This camp wants tighter border controls and vigorous enforcement of immigration laws, not only as they apply to the illegal immigrants but also to the U.S. employers who hire them. In this way, they argue, illegal immigrants will likely be deported, and prospective illegal immigrants will be discouraged.
On the other side of the debate are businesses, which depend on foreign-born workers to take jobs that Americans don't want, and humanitarian groups, who believe illegal immigrants fit into the tradition of the American melting pot and should be granted a reasonable pathway to citizenship.
Well, in this writer's opinion, that so-called "melting pot" is already boiling over and increasingly exacerbated by a huge, virtually unchecked influx of border-jumpers, now numbering between 11 - 12 million people, who roam the country at will and without proper documentation -- all law-breakers, every last one of them -- and who feed off the taxpayer-funded federal and states' largess of broad social safety nets. They're euphemistically described as "undocumented workers" and as the "cheap labor" American businesses require to do the work that Americans refuse to do. But that "cheap labor" is subsidized labor -- subsidized by you and me, the taxpayers of this country -- and because illegals exploit "the system" they're able, despite low direct wages, to have enough disposable income left over to send 17 billion dollars back home annually in remittances (Mexico's second largest income stream after oil exports!). And if that doesn't put that careworn canard to rest, this should.
The third line in the sand is Martinez's slanderous characterization -- implied "xenophobia," to be sure -- of those who do not want lawbreakers in their midst, without any proper documentation identifying who they are, loitering about their neighborhoods and the businesses they frequent, as "prejudiced." The ol' race card at work in the immigration debate.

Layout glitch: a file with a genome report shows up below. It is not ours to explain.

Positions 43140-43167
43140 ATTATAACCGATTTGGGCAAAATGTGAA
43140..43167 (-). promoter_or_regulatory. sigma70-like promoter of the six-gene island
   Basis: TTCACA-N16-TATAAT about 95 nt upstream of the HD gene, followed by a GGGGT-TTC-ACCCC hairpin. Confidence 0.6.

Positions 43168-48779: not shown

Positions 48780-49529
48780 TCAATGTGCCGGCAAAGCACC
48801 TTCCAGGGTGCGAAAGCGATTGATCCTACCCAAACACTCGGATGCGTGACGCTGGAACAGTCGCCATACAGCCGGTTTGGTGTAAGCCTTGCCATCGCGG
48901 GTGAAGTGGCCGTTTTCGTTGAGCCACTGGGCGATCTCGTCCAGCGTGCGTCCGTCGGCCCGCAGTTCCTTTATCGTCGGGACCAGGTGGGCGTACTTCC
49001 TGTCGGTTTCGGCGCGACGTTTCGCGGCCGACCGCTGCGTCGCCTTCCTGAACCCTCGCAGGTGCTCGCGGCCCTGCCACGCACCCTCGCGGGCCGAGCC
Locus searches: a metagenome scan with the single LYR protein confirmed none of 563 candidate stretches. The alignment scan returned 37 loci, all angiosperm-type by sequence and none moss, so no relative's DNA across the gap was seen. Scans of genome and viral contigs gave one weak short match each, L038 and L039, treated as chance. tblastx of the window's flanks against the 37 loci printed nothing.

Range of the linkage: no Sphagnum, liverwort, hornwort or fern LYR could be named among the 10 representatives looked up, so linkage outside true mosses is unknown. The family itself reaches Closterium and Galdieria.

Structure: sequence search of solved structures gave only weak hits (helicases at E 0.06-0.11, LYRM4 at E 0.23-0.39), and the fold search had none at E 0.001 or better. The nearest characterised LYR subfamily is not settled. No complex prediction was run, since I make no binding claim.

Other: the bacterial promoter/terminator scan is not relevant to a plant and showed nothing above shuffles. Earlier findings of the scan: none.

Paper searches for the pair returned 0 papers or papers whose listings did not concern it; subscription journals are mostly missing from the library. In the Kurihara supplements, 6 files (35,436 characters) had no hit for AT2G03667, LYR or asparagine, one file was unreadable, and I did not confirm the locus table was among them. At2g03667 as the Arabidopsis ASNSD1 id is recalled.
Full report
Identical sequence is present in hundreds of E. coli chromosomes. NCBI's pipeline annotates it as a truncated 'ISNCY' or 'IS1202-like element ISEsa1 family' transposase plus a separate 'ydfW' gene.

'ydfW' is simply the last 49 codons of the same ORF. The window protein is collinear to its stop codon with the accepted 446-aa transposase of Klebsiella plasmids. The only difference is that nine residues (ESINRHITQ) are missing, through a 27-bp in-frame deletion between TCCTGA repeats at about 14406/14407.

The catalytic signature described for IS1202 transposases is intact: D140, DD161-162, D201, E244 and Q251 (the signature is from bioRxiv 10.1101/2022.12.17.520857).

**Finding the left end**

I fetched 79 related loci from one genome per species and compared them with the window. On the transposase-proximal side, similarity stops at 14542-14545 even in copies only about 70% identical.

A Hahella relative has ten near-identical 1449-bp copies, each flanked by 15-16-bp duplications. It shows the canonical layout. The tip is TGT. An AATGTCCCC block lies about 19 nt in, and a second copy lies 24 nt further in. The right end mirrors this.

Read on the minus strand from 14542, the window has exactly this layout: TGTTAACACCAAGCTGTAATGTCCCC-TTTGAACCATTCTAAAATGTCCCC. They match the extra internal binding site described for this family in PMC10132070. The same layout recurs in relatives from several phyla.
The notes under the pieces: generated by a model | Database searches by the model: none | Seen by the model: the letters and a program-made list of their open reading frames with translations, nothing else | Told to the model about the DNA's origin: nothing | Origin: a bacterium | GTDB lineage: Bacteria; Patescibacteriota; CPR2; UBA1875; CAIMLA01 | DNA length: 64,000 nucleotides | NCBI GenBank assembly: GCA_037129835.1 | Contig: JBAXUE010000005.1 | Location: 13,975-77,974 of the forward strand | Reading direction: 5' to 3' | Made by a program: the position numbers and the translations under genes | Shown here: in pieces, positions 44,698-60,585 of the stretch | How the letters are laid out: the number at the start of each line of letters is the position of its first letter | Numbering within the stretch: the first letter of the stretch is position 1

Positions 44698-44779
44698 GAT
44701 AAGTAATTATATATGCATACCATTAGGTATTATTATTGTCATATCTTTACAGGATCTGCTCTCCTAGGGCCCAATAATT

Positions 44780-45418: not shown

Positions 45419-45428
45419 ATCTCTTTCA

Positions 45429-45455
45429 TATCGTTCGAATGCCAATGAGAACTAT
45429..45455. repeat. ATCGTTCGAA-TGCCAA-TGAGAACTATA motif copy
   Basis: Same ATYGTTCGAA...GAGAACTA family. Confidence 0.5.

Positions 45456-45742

Now it has spread to North Carolina, Iowa, Oregon and Virginia. Voters there are voicing anger over a possible loss of national identity, often using language tinged with prejudice against outsiders.
"We've got illegal aliens. They are defecating and urinating in our 7 Eleven parking lot," a Herndon, Va., woman recently complained to a group of Republican congressmen. "I am not their hostess and they are not my guest and I find the term 'guest worker' very offensive and I urge you not to use it."
The fourth line in the sand and perhaps the most serious, as it must be a purposeful oversight by Gebe Martinez, is that there are only two major pieces of legislation currently being considered by Congress -- the McCain-Kennedy bill and the Cornyn-Kyl bill -- when, in point of fact, there are three. Indeed, there is no mention whatsoever of the recently-introduced TRUE Enforcement and Border Security Act of 2005, which puts emphasis on enhanced border security first (no doubt characteristic of a "hard-line" approach, according to the Chronicle's reporter).
All of which goes to show that readers of the Houston Chronicle and many other liberal-biased MSM publications must be critical readers. The Matinez article betrays an agenda at work and fits a template for the diluted immigration reform and welcome-wagon open borders that the Houston Chronicle champions.
NOTE TO READERS: The Houston Chronicle's on-line edition has just gone through a major format change and rebuild. Be advised: it has been loading slowly and it is cumbersome to access its pull-down menus. I'm sure the Chronicle's techies are working on these problems.
CORRECTION: I just became aware that the Houston Chronicle no longer requires free registration to access its on-line edition -- a caveat I've been in the habit of advising my readers. According to the Chronicle's Dwight Silverman, who was kind enough to write to me, "registration is (only) required to post in our forums, or use some of our other features, such as e-mail a friend and breaking news alerts." Thanks for the heads-up, Mr. Silverman.